Winode gives the students sound professional advice.

Winode gives the students sound professional advice.

Winode Handagama also worked in research, but in a more traditional laboratory in the Center for Environmental Biotechnology at the University of Tennessee, Knoxville.  The lab is working towards a way to alter the DNA in STEM cells so that they will bioluminesce.  This will allow doctors to track STEM cells when they are using them to treat people with a variety of diseases.  As a more experienced student with three summer research positions under his belt, Winode had some important words of advice to our students.  He encouraged them to practice important professional skills like writing professional e-mails and learning the application process.    Over time, he has come to realize that applying for a position is more than just sharing information with potential employers:  it is a skill in itself that students need to begin to hone.  He also encouraged students not to be afraid to apply to programs at large research institutions, since they are often looking for students from non-research focused institutions, like Maryville.

Matt talks about how his peer mentor experience translated to the workplace.

Matt talks about how his peer mentor experience translated to the workplace.

Matt Jenkins secured an internship at Y-12 nuclear facility last summer.  Connections between faculty and alumni can often lead to opportunities for current students, as was the case for Matt.  When an alumna alerted Dr. Bay to the opportunity, he encouraged Matt to apply.  Matt’s job was to create a digital signature system for the Y-12 complex in order to streamline and track approval processes.  In addition to the experience with programming skills, Matt understood the importance of the internship because it allowed him to be immersed professional settings.  He credited his participation as a Maryville College peer mentor for preparing him to speak to large groups of people with confidence.  His experience at Maryville  has also allowed him to interact with high level college administrators, so he felt he could speak comfortably with directors and other superiors without feeling intimidated.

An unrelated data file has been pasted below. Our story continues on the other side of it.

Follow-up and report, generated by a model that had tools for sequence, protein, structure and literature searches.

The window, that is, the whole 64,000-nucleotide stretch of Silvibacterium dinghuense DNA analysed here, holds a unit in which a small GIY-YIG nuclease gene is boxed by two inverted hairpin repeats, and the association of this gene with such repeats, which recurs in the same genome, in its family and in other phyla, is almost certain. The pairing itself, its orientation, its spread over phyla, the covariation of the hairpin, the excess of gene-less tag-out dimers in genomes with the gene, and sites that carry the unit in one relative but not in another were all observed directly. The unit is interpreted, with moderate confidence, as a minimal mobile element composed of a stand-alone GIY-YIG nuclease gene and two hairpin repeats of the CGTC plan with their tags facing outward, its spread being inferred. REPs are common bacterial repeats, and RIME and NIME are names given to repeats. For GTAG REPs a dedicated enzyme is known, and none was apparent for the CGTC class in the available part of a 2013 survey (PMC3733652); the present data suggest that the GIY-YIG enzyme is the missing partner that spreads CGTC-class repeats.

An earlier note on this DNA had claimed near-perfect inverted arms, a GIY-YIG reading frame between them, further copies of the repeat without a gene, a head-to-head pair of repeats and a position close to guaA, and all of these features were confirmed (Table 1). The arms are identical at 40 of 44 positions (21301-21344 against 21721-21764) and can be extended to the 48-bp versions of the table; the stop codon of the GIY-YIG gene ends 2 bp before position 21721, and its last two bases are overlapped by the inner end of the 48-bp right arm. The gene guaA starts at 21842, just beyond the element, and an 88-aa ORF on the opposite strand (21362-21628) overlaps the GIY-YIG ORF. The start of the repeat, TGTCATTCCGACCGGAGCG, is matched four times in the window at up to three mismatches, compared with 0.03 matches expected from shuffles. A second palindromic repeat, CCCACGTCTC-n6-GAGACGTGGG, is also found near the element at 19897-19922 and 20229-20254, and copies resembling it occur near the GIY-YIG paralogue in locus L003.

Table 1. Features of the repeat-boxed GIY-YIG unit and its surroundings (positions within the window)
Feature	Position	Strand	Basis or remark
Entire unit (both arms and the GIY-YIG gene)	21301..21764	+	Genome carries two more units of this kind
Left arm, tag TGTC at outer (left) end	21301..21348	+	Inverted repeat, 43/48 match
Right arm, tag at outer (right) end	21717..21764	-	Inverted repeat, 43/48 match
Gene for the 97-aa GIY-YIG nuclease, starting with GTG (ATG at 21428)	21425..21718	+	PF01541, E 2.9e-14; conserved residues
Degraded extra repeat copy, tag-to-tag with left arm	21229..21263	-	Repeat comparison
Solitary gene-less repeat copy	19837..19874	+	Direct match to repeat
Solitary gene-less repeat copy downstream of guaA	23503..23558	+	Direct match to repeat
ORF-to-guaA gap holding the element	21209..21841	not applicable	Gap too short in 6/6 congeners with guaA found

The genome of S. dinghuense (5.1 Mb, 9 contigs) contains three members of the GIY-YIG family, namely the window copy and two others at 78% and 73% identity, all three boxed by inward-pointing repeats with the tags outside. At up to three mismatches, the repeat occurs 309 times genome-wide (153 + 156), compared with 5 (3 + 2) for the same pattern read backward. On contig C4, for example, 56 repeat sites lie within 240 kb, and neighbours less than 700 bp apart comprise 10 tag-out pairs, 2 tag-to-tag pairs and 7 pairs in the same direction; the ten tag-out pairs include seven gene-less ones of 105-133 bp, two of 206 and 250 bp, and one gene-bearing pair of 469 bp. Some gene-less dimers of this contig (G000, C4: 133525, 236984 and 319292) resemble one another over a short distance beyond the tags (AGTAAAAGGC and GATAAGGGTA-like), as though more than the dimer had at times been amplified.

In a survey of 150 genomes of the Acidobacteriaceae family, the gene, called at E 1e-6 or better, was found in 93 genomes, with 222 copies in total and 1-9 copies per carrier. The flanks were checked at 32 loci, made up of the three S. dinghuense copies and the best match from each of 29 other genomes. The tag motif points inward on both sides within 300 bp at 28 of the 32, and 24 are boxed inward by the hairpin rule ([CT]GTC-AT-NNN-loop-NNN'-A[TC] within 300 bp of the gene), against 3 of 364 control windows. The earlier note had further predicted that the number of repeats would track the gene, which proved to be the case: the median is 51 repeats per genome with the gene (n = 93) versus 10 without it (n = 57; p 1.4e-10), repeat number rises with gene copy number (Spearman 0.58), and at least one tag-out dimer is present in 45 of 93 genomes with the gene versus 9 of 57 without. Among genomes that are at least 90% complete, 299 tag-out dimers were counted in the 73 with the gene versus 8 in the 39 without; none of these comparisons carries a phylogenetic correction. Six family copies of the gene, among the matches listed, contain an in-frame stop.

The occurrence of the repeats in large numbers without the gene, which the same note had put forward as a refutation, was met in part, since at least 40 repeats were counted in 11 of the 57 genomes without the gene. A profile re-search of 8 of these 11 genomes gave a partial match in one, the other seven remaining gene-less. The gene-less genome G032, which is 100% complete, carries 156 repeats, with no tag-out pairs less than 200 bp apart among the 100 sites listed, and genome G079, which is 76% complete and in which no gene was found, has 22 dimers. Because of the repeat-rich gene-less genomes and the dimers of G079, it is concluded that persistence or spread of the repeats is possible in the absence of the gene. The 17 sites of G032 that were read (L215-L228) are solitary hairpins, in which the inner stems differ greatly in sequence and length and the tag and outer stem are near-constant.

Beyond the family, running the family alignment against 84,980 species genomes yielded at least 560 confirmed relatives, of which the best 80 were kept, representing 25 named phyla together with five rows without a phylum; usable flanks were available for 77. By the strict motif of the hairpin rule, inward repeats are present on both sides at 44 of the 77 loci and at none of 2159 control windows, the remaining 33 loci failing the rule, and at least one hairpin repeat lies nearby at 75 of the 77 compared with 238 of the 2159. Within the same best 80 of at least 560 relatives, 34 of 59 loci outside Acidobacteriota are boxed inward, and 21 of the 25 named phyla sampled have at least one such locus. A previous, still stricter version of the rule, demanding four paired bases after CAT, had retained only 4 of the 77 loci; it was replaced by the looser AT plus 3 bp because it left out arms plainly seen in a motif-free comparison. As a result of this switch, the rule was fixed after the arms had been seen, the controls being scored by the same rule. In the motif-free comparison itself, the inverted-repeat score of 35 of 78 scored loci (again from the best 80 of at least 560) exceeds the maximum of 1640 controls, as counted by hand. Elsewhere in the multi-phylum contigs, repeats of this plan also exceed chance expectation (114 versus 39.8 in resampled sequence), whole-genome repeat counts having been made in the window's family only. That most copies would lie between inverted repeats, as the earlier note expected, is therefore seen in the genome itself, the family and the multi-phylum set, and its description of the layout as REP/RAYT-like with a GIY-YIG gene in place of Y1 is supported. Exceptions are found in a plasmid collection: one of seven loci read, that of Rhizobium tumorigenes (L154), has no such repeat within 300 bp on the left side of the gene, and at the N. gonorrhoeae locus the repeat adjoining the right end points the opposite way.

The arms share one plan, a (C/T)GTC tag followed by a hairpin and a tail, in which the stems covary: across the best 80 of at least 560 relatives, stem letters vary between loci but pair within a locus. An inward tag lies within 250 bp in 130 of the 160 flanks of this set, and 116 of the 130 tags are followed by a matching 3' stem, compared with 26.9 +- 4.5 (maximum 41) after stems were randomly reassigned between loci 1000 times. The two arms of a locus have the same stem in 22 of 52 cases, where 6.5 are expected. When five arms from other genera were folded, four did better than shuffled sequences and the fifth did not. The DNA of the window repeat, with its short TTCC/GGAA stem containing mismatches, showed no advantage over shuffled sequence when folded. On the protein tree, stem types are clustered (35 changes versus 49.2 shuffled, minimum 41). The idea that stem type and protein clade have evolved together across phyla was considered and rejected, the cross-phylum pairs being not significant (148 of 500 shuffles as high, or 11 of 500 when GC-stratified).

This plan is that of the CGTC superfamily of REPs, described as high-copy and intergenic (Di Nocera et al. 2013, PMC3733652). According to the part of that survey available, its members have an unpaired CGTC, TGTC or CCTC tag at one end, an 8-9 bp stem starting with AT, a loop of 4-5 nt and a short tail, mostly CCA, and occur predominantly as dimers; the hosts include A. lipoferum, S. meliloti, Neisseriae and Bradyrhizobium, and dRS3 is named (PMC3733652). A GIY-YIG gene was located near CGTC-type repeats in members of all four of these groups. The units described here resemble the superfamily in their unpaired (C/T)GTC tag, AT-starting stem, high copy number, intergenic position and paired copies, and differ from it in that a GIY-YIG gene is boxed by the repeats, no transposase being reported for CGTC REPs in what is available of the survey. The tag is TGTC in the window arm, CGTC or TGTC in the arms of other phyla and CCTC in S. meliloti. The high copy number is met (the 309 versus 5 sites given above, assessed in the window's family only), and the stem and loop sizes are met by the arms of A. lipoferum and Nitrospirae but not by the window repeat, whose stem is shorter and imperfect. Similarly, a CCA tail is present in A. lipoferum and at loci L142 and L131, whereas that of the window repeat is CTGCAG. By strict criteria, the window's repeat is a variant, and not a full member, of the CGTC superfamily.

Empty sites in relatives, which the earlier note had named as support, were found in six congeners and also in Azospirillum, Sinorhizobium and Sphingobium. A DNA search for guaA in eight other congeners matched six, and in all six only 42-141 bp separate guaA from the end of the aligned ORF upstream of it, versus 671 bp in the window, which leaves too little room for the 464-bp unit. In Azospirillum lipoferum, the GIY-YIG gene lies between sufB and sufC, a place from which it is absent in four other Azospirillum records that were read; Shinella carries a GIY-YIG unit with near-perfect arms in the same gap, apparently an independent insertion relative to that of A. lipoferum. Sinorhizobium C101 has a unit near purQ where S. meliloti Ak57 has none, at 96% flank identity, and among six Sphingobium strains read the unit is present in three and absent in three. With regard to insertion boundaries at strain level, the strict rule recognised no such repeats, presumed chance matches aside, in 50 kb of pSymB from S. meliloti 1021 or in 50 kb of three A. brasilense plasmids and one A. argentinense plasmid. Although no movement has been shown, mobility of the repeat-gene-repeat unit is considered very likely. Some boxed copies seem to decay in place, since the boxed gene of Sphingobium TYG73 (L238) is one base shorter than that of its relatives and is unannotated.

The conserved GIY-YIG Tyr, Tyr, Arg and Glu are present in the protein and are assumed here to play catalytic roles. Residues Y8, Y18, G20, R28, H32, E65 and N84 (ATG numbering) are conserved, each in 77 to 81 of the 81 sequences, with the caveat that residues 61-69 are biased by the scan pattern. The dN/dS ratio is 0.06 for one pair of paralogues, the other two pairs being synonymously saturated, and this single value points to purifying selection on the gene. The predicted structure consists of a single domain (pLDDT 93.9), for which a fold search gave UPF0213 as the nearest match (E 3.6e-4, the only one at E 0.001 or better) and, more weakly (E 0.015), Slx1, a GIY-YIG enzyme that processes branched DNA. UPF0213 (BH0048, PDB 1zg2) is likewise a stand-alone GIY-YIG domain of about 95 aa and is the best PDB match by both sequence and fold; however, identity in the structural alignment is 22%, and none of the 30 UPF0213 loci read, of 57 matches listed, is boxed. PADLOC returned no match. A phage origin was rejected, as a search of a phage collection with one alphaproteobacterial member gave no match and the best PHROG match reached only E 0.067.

Nabil describes working at the World Bank building.

Nabil describes working at the World Bank building.

Nabil Ahlhauser worked in Washington D.C. at a small company called Bivee that is doing contract work for the National Diversity Women’s Business Leadership Conference and the Handshake Journal for the World Bank.  Nabil was responsible for building content and designing databases, which is a course he has yet to take at Maryville College.  He credited the rigorous program at Maryville for preparing him for the challenges of completing workplace projects. Additionally, his connections to Maryville Alumni made him aware of the opportunity and got him in the door for an interview.

As we progress through the school year, these talks will be valuable to students both because of the exposure to the kinds of STEM work being done beyond the gates of Maryville College and because it opens their eyes to the opportunities for undergraduate research and internships, an important part of Maryville College Works.

 

 

Posted in Uncategorized | Tagged , | Leave a comment